The foreign minister of the Netherlands, which lost nearly 200 of its citizens on the flight, told Ukraine’s president description of the crash site “has created a shock” among the Dutch people.

    Germany’s government and the Kremlin say Russian President Vladimir Putin and German Chancellor agreed Saturday in a phone call that an independent commission, headed by the International Civil Aviation Organization, should have swift access to the site.


    Steve Herman

    A veteran journalist, Steve Herman is VOA's Southeast Asia Bureau Chief and Correspondent, based in Bangkok.

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    Comment Sorting
    Comments
         
    by: riano baggy from: indonesia
    July 22, 2014 4:25 AM
    this tragedy moment can happen to all airlines, FAA must responsibility to have announce to all airlines to avoid take a path in conflict areas.

    by: Not Again from: Canada
    July 20, 2014 9:22 PM
    Malaysia and all the nations that have victims need to sue those that fired the missile, those that provided the missile system, those that provided the personnel to operate the missile system, and those that trained the missile system's operators.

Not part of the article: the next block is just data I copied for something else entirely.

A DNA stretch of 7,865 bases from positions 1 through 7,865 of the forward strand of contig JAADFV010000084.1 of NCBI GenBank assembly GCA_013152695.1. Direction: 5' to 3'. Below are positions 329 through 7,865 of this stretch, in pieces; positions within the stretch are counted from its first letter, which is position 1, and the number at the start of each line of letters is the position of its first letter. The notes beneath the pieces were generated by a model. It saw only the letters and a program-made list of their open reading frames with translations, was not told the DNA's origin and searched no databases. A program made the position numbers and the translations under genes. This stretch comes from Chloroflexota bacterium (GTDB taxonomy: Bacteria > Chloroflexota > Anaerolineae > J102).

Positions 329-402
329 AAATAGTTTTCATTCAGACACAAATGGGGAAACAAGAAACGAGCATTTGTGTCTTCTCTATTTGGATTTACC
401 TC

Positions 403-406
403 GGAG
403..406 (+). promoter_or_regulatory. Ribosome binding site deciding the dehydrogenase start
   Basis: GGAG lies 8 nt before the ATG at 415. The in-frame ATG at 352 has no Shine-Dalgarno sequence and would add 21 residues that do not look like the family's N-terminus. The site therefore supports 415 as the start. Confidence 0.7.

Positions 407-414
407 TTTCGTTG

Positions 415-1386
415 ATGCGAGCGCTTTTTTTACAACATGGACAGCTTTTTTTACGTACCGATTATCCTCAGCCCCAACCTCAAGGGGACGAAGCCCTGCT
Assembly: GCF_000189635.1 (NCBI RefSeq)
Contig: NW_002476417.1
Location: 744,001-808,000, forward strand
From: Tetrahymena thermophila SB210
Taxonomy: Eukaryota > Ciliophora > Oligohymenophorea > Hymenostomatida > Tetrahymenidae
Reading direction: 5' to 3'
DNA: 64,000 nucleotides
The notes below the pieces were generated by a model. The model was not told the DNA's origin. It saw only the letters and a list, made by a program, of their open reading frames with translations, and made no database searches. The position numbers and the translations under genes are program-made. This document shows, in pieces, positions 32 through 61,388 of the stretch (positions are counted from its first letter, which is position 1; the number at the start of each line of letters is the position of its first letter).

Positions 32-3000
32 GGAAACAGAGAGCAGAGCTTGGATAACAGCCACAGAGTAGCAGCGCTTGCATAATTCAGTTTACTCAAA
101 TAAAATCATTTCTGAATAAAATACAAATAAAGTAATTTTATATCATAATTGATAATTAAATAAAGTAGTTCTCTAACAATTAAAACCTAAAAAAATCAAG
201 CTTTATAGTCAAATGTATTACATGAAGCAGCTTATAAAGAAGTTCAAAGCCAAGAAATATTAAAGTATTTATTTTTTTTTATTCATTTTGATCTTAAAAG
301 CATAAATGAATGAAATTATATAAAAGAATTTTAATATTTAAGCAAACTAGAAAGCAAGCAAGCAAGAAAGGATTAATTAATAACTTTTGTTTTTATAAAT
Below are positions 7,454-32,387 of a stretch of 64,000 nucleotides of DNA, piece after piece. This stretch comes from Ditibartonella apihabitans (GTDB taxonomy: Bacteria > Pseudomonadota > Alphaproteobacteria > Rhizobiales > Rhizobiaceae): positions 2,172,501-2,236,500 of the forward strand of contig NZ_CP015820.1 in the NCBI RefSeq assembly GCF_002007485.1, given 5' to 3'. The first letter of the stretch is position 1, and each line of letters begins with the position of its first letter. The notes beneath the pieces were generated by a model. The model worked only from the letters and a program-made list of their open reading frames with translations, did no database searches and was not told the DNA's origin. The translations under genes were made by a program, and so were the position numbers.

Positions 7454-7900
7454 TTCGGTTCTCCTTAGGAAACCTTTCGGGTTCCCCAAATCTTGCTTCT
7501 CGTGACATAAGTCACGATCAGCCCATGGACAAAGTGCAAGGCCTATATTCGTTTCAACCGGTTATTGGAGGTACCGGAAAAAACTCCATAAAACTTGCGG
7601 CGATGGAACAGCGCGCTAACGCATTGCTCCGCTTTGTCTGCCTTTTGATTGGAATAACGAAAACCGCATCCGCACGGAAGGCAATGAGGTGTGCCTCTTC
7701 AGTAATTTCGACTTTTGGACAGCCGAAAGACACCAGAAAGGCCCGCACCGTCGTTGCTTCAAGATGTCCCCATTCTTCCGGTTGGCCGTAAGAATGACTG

In addition, Malaysia airlines needs to sue them for any and all harm they have done to the airline; and they also need to sue them for or business' loss costs. The total amounts are huge, almost 300 lost lives, at at least 10 million a victim, close to 3 Billion; then aircraft and business losses, at least another 3 billion. Serious punitive damages must be required, because of the horrendous ways in which the remains were treated, at least 10 to 20 additional billions. An international law suit of at least 80 to 100 billion needs to be started by the victms, and the nations victimized.
    All assets, including ships, aircrafts, vessels, realestate, bank accounts..... etc, of the potential culpable parties need to be preventibly be frozen, before they move the assets from the reach of the countries victimized.
    The EU has much of those assets in the reach of its law/order agencies. Will the EU have the courage to do it? given their past approach, probably not, the victims need to demand it.

    by: Ripon from: Bangladesh, South Asia
    July 20, 2014 5:46 PM
    What else has remained yet to be doomed?

    by: Tom from: Texas
    July 20, 2014 9:49 AM
    Perhaps they should take the money given to keep the airline going and use it to provide relief and help to their starving people and enhance the country. Trying to play with the big boys by running a government airline is not real smart.